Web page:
In addition to what has already been reported in the Brandon Sun, the following is a summary of the city council meeting held May 5:
• Council received a presentation from local resident and environmentalist David Barnes on the Assiniboine Food Forest, a newly formed charitable corporation that wants to be responsible for management of the protected space of forest in the city’s east end near Barnes’ property.
The organization has been aided by the City of Brandon over the past number of months in its efforts to create a Protected Spaces Network to care for rare or threatened ecosystems within city limits through the use of permaculture.
Barnes explained that the group plans to focus on turning the 40 acres of city land near his home into a self-sustaining public nature preserve and would like the city’s endorsement to begin activities. Council thanked Barnes for his presentation and indicated its interest in visiting the forest area prior to providing an official endorsement.
Later in the evening, Coun. Len Isleifson (Riverview) gave notice of his intent to bring forward for debate at the May 20 council meeting a motion for the management of the noted property to be granted to the Assiniboine Food Forest group.
• Coun. Shawn Berry (Linden Lanes) updated council on the activities of the Keystone Centre board of directors.
Berry noted that discussions are ongoing in regards to planned roof repairs on the facility, but no start date for the repairs has been determined.
He also noted the Keystone Centre is moving forward with the management of its own fundraising initiatives, including an upcoming New Year’s Eve gala, and is branching out in its marketing efforts and the offer of naming rights for additional areas of the facility.
• Coun. Jeff Fawcett (Assiniboine) provided an update on behalf of the audit and finance committee, which met recently to set its upcoming annual meeting schedule and future topics for discussion. Fawcett noted that the committee will provide a 2015 budget mandate to city administration by the end of June to allow preliminary budget planning to begin.
• Council agreed to defer two soon-to-be-expired citizen appointments to the Renaissance Brandon board of directors until after a review of the organization’s business structure is complete. The current membership will remain on the board of directors for the benefit of the consistency during the review process.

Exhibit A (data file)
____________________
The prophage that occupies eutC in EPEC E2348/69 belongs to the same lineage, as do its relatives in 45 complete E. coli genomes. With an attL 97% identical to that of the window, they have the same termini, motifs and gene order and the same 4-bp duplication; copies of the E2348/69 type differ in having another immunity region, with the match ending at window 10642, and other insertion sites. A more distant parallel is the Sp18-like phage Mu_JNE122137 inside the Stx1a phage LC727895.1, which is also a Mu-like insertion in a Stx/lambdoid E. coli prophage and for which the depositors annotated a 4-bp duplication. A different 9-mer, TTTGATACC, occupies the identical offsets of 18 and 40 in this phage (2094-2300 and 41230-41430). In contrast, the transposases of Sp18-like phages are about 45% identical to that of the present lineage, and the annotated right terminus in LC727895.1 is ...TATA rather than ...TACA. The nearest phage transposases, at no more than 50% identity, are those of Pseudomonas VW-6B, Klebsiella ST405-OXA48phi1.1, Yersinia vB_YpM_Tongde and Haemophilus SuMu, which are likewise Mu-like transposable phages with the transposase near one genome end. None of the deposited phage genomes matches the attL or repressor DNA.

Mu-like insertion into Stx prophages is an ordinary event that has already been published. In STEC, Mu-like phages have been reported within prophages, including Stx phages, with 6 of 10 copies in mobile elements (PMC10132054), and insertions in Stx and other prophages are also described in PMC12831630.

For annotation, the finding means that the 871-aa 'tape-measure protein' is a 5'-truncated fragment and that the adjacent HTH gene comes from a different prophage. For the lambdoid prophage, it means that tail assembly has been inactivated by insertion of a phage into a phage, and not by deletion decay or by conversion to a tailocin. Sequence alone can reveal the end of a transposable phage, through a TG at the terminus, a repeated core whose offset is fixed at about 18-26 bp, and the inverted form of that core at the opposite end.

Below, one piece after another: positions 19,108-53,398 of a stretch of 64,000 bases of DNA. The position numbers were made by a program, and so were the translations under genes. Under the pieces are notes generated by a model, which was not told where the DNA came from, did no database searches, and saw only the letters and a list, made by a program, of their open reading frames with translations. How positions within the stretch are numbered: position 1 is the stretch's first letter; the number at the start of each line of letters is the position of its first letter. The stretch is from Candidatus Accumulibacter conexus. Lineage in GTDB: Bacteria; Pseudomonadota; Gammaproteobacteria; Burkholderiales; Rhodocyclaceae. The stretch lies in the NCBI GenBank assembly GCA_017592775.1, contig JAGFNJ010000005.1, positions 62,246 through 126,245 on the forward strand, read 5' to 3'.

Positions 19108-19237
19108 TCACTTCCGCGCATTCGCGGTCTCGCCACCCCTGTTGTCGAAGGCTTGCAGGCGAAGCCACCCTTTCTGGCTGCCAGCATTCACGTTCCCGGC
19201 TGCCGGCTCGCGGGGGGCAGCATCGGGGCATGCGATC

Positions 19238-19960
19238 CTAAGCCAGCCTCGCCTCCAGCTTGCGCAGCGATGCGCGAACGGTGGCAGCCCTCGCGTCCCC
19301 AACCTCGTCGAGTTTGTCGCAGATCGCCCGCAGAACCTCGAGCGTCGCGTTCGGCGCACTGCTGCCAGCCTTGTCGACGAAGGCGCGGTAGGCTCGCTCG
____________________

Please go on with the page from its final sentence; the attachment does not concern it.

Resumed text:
• Council received a report from city treasurer Dean Hammond on how surplus funds are allocated to reserve accounts each year.
The report had been requested by Coun. Stephen Montague (Richmond), who had asked that research be done on whether council could be given the ability to decide where surplus money should go each year.
Hammond’s report noted that annual surpluses are common, most often because of supplementary tax revenues, the sale of surplus city land and properties, or because the city’s operating budget has seen more revenue/less expense than anticipated.
He pointed out that municipalities are not allowed to run a deficit and are also legislated to have any surplus placed into reserves.
Hammond stressed that the current process of having city administration decide how surplus money is allocated should not change, noting that such authority is granted within the Municipal Act, and annual budgeting is a complex matter that requires consistency in its management.
However, Hammond suggested treasury will change its practice to update the committee on where surplus money has been placed.
Councillors accepted Hammond’s recommendations, though some commented that council needs to be aware of potential surpluses throughout the budget year, not only after the fact, and council should at least have some say as to what priority reserves should be funded.
• First reading was given to a bylaw for the purpose of rezoning a portion of property at 1910 Bell Ave. from residential single family to parks and recreation, as well as a portion of land at 1910 Hamilton Ave. from agricultural and residential single family to parks and recreation. The proposed rezoning would allow for the continued development of
the Oakridge Estates neighbourhood.<t-3.5>